I have not begun exploring just where but I do hope to be able to enjoy Western Colorado for several months a year upon retirement. I've seen enough of it from the saddle of bike that I know it's where I'd like to live and continue exploring.
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Old 08-24-12, 12:07 PM   #10
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Originally Posted by Pamestique View Post
I've ridden through Colorado both on road and mountain bikes. It like the stuff dreams are made of. The only scenary and road and trails that rival CO to me, are in Idaho and Utah. Watching the race the other day going over Independence Pass reminded me of the trip I took in 1984... I climbed the pass (with a fully loaded touring bike) but in 2 days. The Pros did that and Cottonwood in hours. WOW! But at least I had the time to look at and enjoy the scenary...
While they didn't televise a lot of Cottonwood Pass I did see enough to know they had the dirt road in much better shape than what it was in when we did it last year. The surface was okay for road bikes when we rode it but there was definitely a lot more loose sand and gravel when we did it. I think that was our first day and I was still acclimating to the altitudes and navigating through sand and gravel. Paved roads were a welcome sight after that. I'd love to know the speeds they hit yesterday on the downhill section to Buenva Vista after cresting Cottonwood pass. I hit 55 mph and was holding back......
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Old 08-24-12, 12:09 PM   #11
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There's only two directions to ride in Colorado.

Up or Down hill.

Not really - there's lots of valleys even in the tallest mountains. Going from Denver to Grand Junction you only have two high passes to cross.

My lungs work fine at altitude. There's just nothing to breath.
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Old 08-24-12, 02:06 PM   #12
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There's only two directions to ride in Colorado.

Up or Down hill.

Not really - there's lots of valleys even in the tallest mountains. Going from Denver to Grand Junction you only have two high passes to cross.

My lungs work fine at altitude. There's just nothing to breath.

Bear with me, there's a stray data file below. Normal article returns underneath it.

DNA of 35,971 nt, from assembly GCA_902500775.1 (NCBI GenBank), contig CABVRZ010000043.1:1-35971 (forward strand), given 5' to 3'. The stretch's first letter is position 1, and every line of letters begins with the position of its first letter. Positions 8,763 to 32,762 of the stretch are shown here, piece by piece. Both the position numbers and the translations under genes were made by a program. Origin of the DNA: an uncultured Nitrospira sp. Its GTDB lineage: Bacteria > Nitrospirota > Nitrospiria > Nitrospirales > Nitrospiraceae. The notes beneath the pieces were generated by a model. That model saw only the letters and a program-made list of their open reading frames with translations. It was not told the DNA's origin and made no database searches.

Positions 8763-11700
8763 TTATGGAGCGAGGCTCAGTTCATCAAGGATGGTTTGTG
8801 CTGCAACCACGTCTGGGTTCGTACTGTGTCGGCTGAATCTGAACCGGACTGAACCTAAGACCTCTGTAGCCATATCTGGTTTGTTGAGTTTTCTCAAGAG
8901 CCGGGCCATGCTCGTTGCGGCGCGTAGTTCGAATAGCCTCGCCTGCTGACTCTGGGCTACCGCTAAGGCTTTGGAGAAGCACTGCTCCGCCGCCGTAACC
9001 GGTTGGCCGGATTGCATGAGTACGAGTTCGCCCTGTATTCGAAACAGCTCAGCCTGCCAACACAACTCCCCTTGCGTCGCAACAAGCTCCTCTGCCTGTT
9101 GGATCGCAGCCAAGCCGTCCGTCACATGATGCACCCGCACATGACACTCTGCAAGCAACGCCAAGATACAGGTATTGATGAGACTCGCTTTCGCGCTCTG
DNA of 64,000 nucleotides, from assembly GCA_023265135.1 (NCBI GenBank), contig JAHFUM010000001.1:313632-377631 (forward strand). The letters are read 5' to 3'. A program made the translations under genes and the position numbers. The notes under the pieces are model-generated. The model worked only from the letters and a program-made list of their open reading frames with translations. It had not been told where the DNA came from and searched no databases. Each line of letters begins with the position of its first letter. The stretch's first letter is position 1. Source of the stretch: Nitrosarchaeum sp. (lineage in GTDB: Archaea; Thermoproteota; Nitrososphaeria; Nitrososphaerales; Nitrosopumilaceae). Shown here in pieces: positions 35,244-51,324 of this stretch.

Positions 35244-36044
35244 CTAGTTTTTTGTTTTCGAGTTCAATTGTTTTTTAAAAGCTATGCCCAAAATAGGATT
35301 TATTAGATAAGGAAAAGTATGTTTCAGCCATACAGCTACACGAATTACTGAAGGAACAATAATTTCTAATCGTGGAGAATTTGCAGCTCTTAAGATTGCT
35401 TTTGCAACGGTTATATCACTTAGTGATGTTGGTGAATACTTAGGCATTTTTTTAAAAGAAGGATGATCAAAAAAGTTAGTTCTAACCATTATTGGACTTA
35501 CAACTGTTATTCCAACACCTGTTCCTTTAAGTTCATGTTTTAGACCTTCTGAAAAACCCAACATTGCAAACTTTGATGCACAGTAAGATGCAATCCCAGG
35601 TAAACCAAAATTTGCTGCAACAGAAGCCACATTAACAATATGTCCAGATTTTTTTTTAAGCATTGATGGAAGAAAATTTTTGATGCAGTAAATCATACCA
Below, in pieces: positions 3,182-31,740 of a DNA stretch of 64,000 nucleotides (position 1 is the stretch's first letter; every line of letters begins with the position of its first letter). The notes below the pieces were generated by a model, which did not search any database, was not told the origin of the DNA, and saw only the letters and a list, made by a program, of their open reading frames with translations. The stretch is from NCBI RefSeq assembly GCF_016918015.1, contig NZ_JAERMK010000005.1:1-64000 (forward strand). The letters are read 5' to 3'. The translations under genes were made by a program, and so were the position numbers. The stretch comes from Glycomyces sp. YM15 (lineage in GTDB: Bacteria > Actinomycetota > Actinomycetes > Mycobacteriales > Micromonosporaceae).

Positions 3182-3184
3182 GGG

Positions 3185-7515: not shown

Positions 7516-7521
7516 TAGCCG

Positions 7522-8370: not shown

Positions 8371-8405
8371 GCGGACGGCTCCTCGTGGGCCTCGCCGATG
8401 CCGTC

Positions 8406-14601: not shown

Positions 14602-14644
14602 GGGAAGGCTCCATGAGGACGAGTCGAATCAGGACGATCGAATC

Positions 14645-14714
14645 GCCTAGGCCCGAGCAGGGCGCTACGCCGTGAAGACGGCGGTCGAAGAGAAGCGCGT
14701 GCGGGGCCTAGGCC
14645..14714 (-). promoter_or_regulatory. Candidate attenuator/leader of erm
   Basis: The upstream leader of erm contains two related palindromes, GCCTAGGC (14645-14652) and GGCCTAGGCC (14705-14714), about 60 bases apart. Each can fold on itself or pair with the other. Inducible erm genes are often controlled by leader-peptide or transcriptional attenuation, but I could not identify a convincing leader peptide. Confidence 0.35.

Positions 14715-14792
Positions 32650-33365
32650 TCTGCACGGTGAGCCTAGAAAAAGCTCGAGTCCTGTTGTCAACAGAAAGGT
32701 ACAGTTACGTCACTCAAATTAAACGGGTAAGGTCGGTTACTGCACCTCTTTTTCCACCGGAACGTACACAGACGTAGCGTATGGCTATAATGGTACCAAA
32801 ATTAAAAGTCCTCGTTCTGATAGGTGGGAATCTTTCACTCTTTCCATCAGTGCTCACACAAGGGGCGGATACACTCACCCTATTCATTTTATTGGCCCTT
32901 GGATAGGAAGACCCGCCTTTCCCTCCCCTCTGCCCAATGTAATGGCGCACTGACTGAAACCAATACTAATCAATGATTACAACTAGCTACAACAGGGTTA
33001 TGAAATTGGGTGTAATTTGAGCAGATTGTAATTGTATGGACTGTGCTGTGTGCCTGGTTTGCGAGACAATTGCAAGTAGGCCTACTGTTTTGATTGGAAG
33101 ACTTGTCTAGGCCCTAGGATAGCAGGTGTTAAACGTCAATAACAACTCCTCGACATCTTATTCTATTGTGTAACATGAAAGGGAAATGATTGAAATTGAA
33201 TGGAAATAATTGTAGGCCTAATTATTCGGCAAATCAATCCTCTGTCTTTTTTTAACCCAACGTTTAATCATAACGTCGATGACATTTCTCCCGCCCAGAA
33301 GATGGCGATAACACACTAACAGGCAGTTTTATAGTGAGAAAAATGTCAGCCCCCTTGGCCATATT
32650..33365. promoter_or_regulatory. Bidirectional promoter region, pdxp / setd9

About 1/3rd to 1/2 of Colorado is flat plains from Denver east to KS - but everyone forgets about that. Flatter than a pancake - well, almost.

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Old 08-24-12, 02:16 PM   #13
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Watching the Pro race on TV over here and I have never been so bored in my life. Not really bored but not much excitement going on.Dead straight roads- a few curves and it goes up and down a bit. Today's Vuelta was just as bad but at least there will be a few hills and bends on other days when it goes up the mountains.

Sorry if that is disappointing you but that is the view I am getting of the race. The scenery however is completely different. Think if I had the chance to ride the area- it would be on an MTB to enjoy the scenery at closer quarters.
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Old 08-24-12, 05:04 PM   #14
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Montana.
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Old 08-25-12, 04:14 AM   #15
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My son lives in Boulder and we're planning to visit him next month. I'm taking my bike with me. Looking forward to riding there.
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Old 08-25-12, 05:41 AM   #16
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I have ridden there and be prepared to have sore ribs from trying to breathe. You are either going up or down. The views put you in perspective and you realize how small you are compared to your surroundings. wind, hail storms on the Peak to Peak, thunderstorm at Carter Lake, Gas at altitude
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Old 08-25-12, 06:31 AM   #17
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My son lives in Boulder and we're planning to visit him next month. I'm taking my bike with me. Looking forward to riding there.
Well, me too. September 7-15, to be exact.

It will be a grandkidocentric visit but I intend to do some riding. I've found one place that rents recumbents in Boulder. My fantasy is to take it to Idaho Springs and head on up to Mt. Evans.

Fantasy, yes.
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Old 08-25-12, 05:12 PM   #18
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Dudelsack and Bob N.........RMNP is not that far away. Start in Estes Park and ride up Trail Ridge Rd to top and then descend back down. Incredible!
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Old 08-25-12, 06:33 PM   #19
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In late 2007, I too made a series of rides in Colorado my #1 goal.

It wasn't a formally organized ride. It was a reunion trip for BikeJournal.com, which is what inspired the 50+ Forum Annual Rides starting in 2009.

I'm a lifelong lowlander and flatlander. My home altitude is about 450 feet. My round-trip commute gets me about 150 feet of climbing in not quite 10 miles. I'd been cycling for only about a year-and-a-half when I made the commitment.

After a whole spring and summer of training as best as I could, given our abundance of oxygen and dearth of hills, I arrived by train in Denver on a Monday. I rode around the Denver area Monday night and Tuesday.